Marten Jansen Rock Music

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Your Dreams

Ok, so this track is a little unorthodox, as I always try to push my envelope. In my opinion it’s an artist’s obligation to be unorthodox (while making art, that is) because art is, or can be, escapism. In the visual arts you can work towards realism, but even there art is only interesting, in my opnion, when reality becomes the artist’s creation, as it were, as opposed to art being a mere copy of reality.
As for pushing one’s envelope, I worked myself into a lower back pain on this track and even then it’s never finished. It’s got some weird hamonics, but please listen to the track several times to get a feel for it, before you dismiss it as weird. The vocals you hear consist of English language vocal samples, but reversed. So it’s English, but the other way around. I did that to get the vocals to be a little more interesting, because it’s very difficult to find interesting vocal samples.
I renamed the track to Your Dreams, which is from the lyrics of one of the vocal samples. Prozaic, but self-evident.

Expect at least one update to this song, because I’ve detected an harmonic mishap and a mixing issue. As for the harmonics, the part between 1:15 and 1:32 min. is experimental. It’s a pivotal part of the song, but I don’t really know what I’m doing there. If it were “wrong”, as so to speak, the song wouldn’t be able to continue in the way it does, but it isn’t entirely “right” either. I put right and wrong between quotes, because music isn’t exact science (in practice, exact science isn’t exact). Near the end of Requiem for Batman there are some chords that sound “off”, but without them the ending would be dull and only the very attentive listener will detect the offness. So, what to choose, the smooth version or the more dramatic version, that’s an artistic choice, which transcends musical rules. (The same applies to the intro (00:02 – 00:27) of Your Dreams.)
As for the mixing (this is geek stuff), the penultimate part of Your Dreams, where the Vocaloid begins, sounds unstable. This may have something to do with the compressor’s reaction to the bass sound and I spent a week trying to fix that, only partially successfully. Oddly enough, it appears neither in the sequencer, nor in the .wav file it produces, only in the .mp3 file. It will take a better geek than myself to get to the bottom of this.

On Nov 24th I updated My Dreams. Check out the intro and the 1:15 – 1:32 part. Also, the piece now has a 96 kHz sampling rate (instead of 48), which gives the piece a better overall sound quality. And the above-mentioned unstable sounding part got through the MP3 converter better this time. No idea as to why.
Which sampling rate produces the best result is an art to me (if not coincidence), rather than science. Of course I tried higher sampling rates the previous times, but then it didn’t improve the musical value.
The human ear is not supposed the be able to hear an improvement of sound quality above 44.1 kHz, but if a file conversion from the lossless .WAV to the compressed .MP3 is required, then there’s no doubt that increasing the sampling rate makes a big difference.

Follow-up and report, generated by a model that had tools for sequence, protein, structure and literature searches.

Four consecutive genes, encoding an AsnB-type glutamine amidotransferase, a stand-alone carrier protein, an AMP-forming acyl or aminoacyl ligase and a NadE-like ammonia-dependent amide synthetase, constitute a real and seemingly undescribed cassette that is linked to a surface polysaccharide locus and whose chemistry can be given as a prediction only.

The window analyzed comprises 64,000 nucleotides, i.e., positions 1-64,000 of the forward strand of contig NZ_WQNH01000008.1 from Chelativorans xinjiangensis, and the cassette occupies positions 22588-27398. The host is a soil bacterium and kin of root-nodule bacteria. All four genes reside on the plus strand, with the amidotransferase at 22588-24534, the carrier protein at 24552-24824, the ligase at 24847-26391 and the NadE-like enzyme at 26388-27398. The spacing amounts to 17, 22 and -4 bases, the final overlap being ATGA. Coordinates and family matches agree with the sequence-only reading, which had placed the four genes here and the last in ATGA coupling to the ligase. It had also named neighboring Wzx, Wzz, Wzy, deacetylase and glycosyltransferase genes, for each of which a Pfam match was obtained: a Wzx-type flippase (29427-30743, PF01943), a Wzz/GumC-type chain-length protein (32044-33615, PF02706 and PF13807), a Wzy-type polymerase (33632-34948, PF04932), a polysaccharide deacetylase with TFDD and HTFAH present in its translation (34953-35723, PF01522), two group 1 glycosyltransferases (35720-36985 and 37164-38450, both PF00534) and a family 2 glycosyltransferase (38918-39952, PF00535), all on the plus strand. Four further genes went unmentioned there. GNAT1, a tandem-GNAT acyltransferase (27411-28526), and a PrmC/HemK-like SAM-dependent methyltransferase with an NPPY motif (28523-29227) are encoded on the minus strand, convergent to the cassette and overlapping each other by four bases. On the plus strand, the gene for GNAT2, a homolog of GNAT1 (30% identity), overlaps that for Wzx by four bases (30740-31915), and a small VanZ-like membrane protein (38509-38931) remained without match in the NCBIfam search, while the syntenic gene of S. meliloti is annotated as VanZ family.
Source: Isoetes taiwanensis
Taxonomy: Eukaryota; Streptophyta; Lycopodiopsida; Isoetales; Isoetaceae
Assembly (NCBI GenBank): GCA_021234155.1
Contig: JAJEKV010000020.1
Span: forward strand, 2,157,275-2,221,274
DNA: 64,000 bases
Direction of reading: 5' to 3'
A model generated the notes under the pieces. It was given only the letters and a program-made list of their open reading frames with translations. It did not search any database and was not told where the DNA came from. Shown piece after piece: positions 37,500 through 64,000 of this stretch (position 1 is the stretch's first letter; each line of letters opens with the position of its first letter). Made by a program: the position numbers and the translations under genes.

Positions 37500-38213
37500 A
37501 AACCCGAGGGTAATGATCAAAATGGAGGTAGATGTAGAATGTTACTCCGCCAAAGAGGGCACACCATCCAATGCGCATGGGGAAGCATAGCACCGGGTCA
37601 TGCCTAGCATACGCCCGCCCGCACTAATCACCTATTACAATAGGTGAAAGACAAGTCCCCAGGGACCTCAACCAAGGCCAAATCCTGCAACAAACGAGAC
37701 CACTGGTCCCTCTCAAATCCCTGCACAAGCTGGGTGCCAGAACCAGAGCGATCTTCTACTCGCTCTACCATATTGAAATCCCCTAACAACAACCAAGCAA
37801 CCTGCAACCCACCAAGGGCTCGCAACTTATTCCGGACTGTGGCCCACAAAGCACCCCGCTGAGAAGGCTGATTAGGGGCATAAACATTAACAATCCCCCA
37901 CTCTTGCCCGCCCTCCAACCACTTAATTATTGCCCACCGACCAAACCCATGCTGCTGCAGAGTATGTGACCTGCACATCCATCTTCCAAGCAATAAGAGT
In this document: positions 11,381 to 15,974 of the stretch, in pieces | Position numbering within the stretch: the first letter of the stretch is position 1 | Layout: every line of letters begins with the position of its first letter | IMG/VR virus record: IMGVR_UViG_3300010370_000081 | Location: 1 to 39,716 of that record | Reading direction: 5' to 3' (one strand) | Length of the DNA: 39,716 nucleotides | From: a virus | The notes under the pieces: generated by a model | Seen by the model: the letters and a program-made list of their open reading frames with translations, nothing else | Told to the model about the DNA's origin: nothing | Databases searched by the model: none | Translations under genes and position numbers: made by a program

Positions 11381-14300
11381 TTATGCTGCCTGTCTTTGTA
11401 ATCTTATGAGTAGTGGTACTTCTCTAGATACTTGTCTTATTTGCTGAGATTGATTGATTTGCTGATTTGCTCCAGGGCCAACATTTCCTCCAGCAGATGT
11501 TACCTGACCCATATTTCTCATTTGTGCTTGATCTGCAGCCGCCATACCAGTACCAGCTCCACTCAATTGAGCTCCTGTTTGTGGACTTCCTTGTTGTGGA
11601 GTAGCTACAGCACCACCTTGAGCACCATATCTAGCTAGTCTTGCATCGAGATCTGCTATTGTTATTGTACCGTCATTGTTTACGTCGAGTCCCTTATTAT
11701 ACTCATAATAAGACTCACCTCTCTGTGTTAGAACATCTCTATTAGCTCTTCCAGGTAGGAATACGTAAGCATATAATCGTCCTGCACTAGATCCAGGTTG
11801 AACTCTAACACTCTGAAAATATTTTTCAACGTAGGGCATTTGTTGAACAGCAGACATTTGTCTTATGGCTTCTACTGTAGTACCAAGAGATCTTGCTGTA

However, a more realistic sound doesn’t always produces a more musical result. I learn as I go.

Nov 25 (v2): Another update. The intro is always the last part of the song I write, because it serves as a kind of blueprint for the rest of the song. Its purpose is to set the song up. “The meat” of the song is often three part counterpoint, or more, with which you can’t start a song, because that would leave the listener confused from the first moment on. The maximum number of melody lines that a listener can hear simultaneously is two. If there are more, then you still hear two and regard the rest as harmony. You assume the additional lines are there, based on what you expect from what you heard previously. So a convenient way to start an intro is with two part counterpoint, although there may be expections: as long as the listener can grasp the music without prior knowledge.
The difficulty with My Dreams is that the intro must set up an unorthodox harmonic structure (I think, I’m not a musicologist) to a simple melodic theme. So the intro contains the theme, which suggests straightforward harmony, but at the same time it must have notes that are external to this simple harmony to set up the more complex harmony that follows. The “external notes” make the intro sound illogical, so the two have to be balanced: the intro must make sense in its own right and at the same time set up the unorthodox harmony that follows.

Nov 26 (v2.2): Another update: I changed the strings following the intro. This blog’s MP3 files have “tags”, some of which show up on your player’s display, such as the song’s title and an image. The MP3 files also have a “comment” tag, which isn’t generally displayed on your player, but I use it to add some technical information, such as the song’s version. Today’s version is 2.2, hence the (v2.2) next to Nov 26. Just in case you feel the urge, if you download a tag editor, then you can access the comment tag and see which version you’re dealing with.

Dec 3: Update v2.3.
I changed the 1:15 – 1:32 part on Nov 24th, which necessitated a change to the strings of the part following. The objective is not necessarily to make the part in question sound better, rather than to improve the flow of the song overall. If all these updates piss you off, I am sorry, but when these changes occur to me I feel the need to implement them. This song is just a lot more complicated than the previous ones and I learn better to understand it as time passes.